I left the convention early and am back in Naperville to help out with our VBS and our brand new Creationism Camp that we started this year for the community and for our own jr. and sr. high school kids. We brought creation science author and camp coordinator Kimberly Jones in from Texas for the week to lead the camp. I also wanted to get back for the first meeting of our ad hoc Feasibility Committee tonight which is beginning discussions on how we might add a new music rehearsal and youth building to our campus. What I want to share with you though is an interesting comparison and contrast in worship.
I got in late last night but forced myself to get up to make it to our 9 AM VBS chapel and what a blessing it was. I was struck by the contrast with the convention worship.
Several years ago we started doing Morning Prayer and, later, Service of Prayer and Preaching, in our Day School Chapels. We sing an occasional song out of All God’s People Sing but for the most part the kids sing out of the Lutheran Service Book. This is the first year that we have jettisoned the typical dumbed-down VBS chapel and music and replaced it with “Morning Prayer.” What a contrast I experienced going from the convention worship that for the most part blended “contemporary” and traditional music to what I got this morning in VBS chapel, just singing out of the hymnal.
The hymnal really works well with children. For the first seven or eight years that I was here at Bethany I did not change the local custom of catering to the children in chapel with all sorts of happy little ditties. Since moving to the hymnal we have noticed that the children actually sing louder and better. The children actually learned Morning Prayer before the congregation did and when we first started doing it for the entire parish I could hear the childrens’ voices leading and teaching the adults. Of course it does not hurt that our Cantor teaches sight-singing in the primary classrooms. Here are some observations that struck me at VBS chapel this morning.
- The singing was marvelous. Many of our helpers are teens from our St. Andrew Society (acolytes). I noticed one of them doing the typical VBS lean-and-help move with one of the children in her class. The difference was that even though she had to set her hymnal down, she kept on singing the Venite because she has it memorized from Day School chapel.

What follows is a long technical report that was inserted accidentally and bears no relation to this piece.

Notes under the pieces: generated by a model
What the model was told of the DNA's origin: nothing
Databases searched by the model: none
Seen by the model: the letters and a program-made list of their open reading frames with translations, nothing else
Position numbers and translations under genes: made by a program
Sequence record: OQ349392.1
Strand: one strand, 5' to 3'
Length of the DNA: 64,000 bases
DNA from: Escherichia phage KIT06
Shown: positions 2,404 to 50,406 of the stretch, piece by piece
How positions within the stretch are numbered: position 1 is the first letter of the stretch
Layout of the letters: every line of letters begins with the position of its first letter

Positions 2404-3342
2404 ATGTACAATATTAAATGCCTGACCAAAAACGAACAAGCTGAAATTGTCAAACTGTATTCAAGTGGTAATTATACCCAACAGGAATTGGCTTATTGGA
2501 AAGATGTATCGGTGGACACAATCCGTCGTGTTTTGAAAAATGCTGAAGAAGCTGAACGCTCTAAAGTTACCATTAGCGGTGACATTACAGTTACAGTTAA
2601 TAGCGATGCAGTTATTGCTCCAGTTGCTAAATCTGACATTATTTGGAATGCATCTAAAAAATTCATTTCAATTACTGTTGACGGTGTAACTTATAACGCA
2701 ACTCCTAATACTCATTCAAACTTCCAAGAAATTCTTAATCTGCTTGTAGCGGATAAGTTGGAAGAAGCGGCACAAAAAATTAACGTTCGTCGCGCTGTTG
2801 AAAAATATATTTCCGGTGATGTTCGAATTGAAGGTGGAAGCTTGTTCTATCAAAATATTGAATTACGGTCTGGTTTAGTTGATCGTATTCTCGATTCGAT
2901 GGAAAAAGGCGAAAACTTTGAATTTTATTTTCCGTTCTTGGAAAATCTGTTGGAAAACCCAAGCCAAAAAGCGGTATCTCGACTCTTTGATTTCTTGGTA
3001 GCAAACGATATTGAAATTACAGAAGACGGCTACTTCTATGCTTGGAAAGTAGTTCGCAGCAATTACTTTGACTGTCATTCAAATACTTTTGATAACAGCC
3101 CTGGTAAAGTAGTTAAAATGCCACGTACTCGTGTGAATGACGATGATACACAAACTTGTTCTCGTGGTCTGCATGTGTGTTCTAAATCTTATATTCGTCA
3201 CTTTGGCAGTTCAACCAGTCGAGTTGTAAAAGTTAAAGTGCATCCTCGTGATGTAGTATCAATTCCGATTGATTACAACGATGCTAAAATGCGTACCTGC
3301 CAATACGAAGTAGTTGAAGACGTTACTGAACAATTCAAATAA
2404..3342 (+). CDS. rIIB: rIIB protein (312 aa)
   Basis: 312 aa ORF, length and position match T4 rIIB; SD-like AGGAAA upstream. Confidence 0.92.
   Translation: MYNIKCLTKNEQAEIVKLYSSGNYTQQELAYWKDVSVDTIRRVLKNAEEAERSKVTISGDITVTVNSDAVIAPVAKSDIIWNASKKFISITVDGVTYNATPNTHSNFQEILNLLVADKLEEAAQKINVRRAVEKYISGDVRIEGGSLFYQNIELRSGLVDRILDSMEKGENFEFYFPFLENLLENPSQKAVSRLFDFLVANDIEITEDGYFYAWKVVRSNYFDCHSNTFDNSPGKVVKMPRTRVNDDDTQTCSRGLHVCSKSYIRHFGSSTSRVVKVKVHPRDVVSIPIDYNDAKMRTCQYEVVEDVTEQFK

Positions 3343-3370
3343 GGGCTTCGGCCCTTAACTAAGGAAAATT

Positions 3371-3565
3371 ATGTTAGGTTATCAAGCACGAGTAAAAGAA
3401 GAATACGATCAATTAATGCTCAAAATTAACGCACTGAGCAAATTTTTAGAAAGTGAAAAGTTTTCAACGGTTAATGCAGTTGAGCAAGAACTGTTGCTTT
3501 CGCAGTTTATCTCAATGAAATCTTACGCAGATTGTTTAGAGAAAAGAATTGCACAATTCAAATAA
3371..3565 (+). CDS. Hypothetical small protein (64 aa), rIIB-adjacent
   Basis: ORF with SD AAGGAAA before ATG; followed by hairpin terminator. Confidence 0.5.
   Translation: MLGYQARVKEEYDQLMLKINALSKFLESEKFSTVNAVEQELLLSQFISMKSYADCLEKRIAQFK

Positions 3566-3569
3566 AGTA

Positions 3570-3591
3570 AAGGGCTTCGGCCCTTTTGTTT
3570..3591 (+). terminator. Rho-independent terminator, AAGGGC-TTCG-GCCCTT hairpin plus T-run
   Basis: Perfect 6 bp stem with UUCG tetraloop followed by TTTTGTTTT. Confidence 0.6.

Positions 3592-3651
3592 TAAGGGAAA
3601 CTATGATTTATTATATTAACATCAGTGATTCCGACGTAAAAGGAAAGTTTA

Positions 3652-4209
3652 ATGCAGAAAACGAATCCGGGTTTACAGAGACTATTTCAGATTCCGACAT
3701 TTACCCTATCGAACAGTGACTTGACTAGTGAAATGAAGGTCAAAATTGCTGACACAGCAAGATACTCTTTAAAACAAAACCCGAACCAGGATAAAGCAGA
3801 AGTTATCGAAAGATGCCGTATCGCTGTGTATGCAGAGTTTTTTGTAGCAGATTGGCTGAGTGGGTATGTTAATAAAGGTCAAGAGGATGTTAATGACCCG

- Associate Pastor Schumacher was fully vested for the service sending the signal to the kids that this is real church. The children were far more quiet and attentive than at our old campfire style VBS devotions.
- One of our mothers came in a little late and delivered her child directly to the pews where his class was sitting. On her way back up the aisle I saw her speak the words of response to the reading – Thanks be to God. She was not planning on staying for the service but even for the short moment she was there, she was able to participate from her memory of our singing of Morning Prayer in other settings in the parish.
- The VBS theme is Creation (which dovetails with the Creationism Camp) and so the children sang the Catechism songs for the first article. (The Catechism songs were written by our Cantor and are available on CD at CPH, item # 790004 and with an accompanying songbook.) It was so wonderful to hear the children at VBS learning the catechism through song. It is after all, vacation Bible school.
We have not totally banned “contemporary music” at Bethany. The antiphon for the psalm of the day was “O Lord, Our Lord, How Majestic is your Name” (copyright Meadowgreen Music, 1981) but here is the catch. The verses were chanted by the children antiphonally with one of the chant lines from the Lutheran Service Book. Yes, children can chant psalms. They’ve been doing it for years at Bethany and doing it very well. On occasion we use some “contemporary” music in our highly varied but hymnal-based worship here at Bethany but we incorporate it into the liturgy rather than blending liturgical and “contemporary” worship (which leaves you with nothing but that obnoxious third and unknown substance which is what was concocted for the worship at the synodical convention) or even worse, replacing liturgical worship with “contemporary.” We are Lutheran, not some blended denomination or worse yet a MethoBaptiCostal denomination.
It did not even matter that our Cantor is not here. Our Associate Cantor Susan Gavin filled in wonderfully. (That’s not surprising since she is a BJS member.) Our Cantor, Phillip Magness is still down in Houston. Those of you at the convention may see him sitting in the peanut gallery in the back right section of the hall Tweeting away for Cross Focused Leadership for Missouri. (Now that I am away from the convention I am finding those tweets helpful since I do not have time to watch the convention on live streaming video.) Phillip put the VBS liturgies together and Susan is executing them. I would also like to acknowledge our Day School teaching staff who are playing a large role in the Creationism Camp and our VBS Director Patty Pedigo who has dovetailed the camp seamlessly into the VBS. How is this for seamless cooperation between church and school – our Day School staff actually wrote our entire VBS curriculum this year!
The convention was great, but it is good to be back home, at home in the hymnal with the children of the parish singing it out with joy.